IRS Prison Threats? Hang Up the Phone!
by Susannah McQuitty
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Just this week, I received a phone call from a fellow who didn’t seem to be living his best life: He loudly explained to me that my tax filing would be cut off from the “headquarters” in 24 hours, and if I hadn’t addressed an unnamed 4 “serious issues” with my taxes by then, local cops would take me into custody.
I hung up and went back to eating my lunch.
It’s now been 24 hours since he called me, and I’m still kicking around outside prison—so what’s the secret to dodging fraudsters like this one?
The IRS never requests information via phone or Internet
Electronic communication is tricky; in order for information to be sent by the internet, certain encryption measures must be built into the system you’re using. Unfortunately, phone calls and regular internet browsers aren’t bulletproof.
The IRS knows this, so when it comes to issues regarding your personal information, they will only mail you directly through the USPS—especially when they are making first contact with you.
The IRS doesn’t use aggressive, threatening language
Americans dread the IRS, but that fear mostly comes from not truly understanding the agency and how it operates. Scammers know this, and they bank on it; so long as they can force your hand with threats of prison, fines or other penalties, they go home with the gold.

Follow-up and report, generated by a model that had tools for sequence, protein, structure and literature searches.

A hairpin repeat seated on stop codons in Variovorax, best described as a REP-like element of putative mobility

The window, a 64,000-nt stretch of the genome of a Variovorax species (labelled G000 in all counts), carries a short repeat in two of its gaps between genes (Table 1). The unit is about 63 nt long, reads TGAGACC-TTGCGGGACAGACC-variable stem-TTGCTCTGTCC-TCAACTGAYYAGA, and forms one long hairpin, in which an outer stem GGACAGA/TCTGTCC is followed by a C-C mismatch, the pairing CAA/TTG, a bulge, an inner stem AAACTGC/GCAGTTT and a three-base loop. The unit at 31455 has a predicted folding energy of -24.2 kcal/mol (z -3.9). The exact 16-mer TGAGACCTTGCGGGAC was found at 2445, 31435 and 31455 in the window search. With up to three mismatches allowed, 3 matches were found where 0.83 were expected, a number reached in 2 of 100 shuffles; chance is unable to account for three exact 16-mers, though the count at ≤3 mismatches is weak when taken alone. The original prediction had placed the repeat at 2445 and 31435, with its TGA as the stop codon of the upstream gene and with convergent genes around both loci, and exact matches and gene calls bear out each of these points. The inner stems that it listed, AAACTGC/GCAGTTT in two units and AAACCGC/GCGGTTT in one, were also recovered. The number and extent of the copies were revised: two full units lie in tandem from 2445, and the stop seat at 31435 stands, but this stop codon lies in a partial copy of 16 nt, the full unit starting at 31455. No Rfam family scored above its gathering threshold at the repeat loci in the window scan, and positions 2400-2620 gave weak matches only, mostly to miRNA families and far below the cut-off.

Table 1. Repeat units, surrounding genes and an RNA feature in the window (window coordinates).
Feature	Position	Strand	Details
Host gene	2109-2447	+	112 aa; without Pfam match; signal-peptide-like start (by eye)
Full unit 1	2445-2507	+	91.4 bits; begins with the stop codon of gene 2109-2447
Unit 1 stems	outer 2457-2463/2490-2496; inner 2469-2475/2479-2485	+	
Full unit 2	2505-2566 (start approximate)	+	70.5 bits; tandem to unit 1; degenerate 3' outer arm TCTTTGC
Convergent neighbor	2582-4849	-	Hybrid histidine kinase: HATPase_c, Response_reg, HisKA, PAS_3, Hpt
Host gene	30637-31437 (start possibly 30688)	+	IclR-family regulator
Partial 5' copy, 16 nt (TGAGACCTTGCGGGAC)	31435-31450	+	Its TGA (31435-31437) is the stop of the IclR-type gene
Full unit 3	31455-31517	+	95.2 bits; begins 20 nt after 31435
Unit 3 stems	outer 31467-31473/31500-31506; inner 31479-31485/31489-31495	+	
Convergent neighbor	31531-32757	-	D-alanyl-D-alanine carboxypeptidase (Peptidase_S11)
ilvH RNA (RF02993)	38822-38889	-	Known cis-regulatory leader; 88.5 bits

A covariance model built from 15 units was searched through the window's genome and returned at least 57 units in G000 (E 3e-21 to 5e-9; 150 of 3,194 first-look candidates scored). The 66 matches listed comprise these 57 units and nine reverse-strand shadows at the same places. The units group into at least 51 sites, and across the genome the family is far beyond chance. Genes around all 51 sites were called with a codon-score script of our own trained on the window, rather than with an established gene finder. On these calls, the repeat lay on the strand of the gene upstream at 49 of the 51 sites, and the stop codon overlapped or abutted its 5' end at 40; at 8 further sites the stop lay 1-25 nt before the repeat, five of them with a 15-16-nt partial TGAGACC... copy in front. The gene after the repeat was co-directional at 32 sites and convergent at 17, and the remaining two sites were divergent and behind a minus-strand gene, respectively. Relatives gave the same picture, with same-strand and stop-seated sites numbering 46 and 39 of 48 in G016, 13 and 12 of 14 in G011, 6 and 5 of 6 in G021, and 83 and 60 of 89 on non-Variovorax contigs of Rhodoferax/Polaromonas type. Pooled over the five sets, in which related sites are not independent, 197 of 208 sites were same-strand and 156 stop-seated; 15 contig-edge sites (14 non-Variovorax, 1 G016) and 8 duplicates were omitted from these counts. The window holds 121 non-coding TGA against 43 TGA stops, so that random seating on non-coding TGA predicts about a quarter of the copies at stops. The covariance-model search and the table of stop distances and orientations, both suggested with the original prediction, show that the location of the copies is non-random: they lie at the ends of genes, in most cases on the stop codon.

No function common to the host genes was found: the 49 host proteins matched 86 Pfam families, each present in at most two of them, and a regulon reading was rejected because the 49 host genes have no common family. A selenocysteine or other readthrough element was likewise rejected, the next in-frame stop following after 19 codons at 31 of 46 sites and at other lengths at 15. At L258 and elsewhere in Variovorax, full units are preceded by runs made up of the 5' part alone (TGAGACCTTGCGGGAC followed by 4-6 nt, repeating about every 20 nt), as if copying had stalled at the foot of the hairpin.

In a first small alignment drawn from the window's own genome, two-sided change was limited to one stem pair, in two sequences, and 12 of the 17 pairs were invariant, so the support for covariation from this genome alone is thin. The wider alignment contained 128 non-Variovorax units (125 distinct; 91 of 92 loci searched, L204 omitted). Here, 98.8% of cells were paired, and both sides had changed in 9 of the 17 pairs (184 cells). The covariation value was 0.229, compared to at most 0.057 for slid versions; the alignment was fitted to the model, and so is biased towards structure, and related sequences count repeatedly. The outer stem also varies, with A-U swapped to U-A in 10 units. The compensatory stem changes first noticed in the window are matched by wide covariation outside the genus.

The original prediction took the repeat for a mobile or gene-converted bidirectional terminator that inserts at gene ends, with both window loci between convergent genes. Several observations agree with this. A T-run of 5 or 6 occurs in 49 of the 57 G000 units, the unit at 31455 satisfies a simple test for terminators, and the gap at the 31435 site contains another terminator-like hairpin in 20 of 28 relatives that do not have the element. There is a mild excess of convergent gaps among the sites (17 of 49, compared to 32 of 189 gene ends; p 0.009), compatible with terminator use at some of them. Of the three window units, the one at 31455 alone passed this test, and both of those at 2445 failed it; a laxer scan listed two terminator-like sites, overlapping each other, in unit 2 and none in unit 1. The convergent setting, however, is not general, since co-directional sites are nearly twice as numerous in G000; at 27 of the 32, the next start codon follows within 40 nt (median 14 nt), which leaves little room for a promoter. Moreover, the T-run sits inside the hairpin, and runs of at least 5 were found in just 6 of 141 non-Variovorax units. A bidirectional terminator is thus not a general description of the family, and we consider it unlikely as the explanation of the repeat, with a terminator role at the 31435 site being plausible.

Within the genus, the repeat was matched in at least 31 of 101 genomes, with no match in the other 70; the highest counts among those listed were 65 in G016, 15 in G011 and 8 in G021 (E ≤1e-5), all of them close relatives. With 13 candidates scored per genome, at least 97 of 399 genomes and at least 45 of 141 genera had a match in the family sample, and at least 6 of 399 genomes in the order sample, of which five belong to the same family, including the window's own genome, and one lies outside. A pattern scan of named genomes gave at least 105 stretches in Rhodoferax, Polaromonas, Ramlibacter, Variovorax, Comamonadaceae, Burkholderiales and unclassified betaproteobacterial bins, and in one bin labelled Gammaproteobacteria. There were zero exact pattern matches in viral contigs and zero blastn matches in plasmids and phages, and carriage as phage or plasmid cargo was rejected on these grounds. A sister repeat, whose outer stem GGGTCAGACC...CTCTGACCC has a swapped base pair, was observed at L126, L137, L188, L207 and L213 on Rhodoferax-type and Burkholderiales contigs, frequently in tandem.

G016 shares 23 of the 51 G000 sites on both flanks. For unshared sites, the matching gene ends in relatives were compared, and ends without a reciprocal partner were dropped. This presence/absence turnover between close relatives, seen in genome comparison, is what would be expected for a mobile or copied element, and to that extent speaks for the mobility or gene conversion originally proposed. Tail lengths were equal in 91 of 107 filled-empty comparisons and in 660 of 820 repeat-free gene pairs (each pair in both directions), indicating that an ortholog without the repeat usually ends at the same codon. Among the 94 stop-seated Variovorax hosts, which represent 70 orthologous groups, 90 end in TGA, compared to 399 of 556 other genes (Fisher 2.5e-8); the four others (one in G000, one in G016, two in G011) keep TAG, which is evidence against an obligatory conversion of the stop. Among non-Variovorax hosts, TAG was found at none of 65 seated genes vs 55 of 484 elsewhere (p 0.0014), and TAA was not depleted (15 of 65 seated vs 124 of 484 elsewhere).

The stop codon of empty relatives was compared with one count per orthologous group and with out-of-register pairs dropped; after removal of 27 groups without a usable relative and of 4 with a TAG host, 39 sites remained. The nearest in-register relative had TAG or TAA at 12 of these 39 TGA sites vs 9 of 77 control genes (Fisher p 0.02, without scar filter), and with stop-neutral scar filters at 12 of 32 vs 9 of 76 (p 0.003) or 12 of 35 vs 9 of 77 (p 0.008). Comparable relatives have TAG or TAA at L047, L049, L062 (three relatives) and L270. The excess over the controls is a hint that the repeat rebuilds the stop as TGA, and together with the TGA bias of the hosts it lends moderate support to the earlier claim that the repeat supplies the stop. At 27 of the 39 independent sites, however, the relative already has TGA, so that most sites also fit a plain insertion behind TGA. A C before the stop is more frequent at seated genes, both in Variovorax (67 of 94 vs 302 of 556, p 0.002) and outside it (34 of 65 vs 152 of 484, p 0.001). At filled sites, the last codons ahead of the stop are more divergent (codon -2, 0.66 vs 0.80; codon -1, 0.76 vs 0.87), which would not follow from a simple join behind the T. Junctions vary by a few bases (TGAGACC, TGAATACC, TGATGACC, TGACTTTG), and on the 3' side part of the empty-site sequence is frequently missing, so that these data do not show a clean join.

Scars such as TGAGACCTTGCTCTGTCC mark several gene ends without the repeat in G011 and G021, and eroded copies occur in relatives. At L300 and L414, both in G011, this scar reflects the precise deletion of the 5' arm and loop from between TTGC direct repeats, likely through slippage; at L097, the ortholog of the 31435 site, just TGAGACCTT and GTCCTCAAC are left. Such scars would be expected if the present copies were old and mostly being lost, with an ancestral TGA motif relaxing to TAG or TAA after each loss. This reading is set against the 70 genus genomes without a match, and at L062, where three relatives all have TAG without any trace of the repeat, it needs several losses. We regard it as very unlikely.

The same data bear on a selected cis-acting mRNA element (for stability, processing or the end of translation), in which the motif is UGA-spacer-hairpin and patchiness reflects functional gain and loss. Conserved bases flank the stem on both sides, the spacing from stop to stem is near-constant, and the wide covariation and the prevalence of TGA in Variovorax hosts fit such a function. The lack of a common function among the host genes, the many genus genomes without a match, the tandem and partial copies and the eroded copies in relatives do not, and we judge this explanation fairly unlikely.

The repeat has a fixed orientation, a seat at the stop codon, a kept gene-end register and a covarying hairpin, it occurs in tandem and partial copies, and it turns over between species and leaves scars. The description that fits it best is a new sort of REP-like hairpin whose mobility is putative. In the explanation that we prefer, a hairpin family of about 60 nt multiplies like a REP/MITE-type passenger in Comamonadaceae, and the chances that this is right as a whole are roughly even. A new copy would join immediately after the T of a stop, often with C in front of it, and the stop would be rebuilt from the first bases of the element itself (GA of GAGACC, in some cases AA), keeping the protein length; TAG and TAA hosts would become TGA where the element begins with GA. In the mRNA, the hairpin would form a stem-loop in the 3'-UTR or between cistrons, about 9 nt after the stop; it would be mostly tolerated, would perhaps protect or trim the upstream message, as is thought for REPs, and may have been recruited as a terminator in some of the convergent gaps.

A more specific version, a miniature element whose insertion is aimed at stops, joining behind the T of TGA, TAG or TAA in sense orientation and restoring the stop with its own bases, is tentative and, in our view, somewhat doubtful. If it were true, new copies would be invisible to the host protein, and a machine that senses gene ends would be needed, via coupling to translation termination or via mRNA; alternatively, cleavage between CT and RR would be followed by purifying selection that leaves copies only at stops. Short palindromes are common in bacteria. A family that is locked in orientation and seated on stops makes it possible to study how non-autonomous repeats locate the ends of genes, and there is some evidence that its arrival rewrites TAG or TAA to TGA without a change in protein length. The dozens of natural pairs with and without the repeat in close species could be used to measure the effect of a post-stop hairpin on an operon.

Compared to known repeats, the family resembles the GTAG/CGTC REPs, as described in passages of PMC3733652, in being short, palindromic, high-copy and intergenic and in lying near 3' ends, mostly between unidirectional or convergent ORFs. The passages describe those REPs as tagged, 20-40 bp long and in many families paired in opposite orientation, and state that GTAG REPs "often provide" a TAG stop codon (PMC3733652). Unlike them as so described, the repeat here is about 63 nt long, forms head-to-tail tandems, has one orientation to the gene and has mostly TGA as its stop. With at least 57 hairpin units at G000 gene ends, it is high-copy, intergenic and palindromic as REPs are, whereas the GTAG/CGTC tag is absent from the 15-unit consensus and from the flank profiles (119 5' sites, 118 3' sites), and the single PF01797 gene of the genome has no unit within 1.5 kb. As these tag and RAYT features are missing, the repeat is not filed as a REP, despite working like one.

The truth is that the IRS has gone to great lengths to ease stress and concerns, educate on their actual procedures, and give filers a fair say through their Taxpayer Advocate service. Even if the threat comes in a letter instead of a phone call or email, the likelihood of cops showing up on your doorstep after no more than a 24-hour warning is a flat zero.
The IRS won’t require you to use prepaid debit cards or gift cards
As much as anyone would love to get a giant batch of Amazon gift cards, that’s just not how the IRS operates—electronic payments are available through their own website, where you can send any taxes owed directly from your bank account or pay with a credit card. You can also still pay the old-fashioned way: A mailed paper check through the good ol’ United States Postal Service.
What if I’m still not sure?
Since some fraudsters are so smart about playing by the IRS’s rules, it can sometimes be hard to tell the difference. To make absolutely sure, search for your letter, notice or form number on IRS.gov.
If it is legitimate, you’ll find instructions on how to respond. If the completion of a form is required and it’s provided by a questionable contact, you should verify that the form is identical to the same form on IRS.gov.
If you don’t find information on IRS.gov or the instructions are different from what you were told to do in the letter, notice or form, you can report the incident to the Treasury Inspector General for Tax Administration (TIGTA) and to the IRS by emailing email@example.com.
What if I might already be a victim?
If you think your Social Security Number might be compromised, call the identity theft hotline immediately at (800) 908-4490 to secure your tax information and put the IRS Identity Protection Specialized Unit on alert. You’ll catch any potential fraud early, minimizing damage that could affect you for months.
Speaking of locking things down early, one of the easiest ways to keep your info safe is to file your taxes early in the year. The IRS counts the first return filed in your name as legitimate, so fraudsters can’t file with your info if you’ve already submitted your tax return.
On top of that, e-filing is the safest way to file your taxes, because there’s less likelihood of your information being intercepted than if you mailed a physical copy—and because of how important security is to us, you can make that filing process even safer when you file your taxes with 1040.com.
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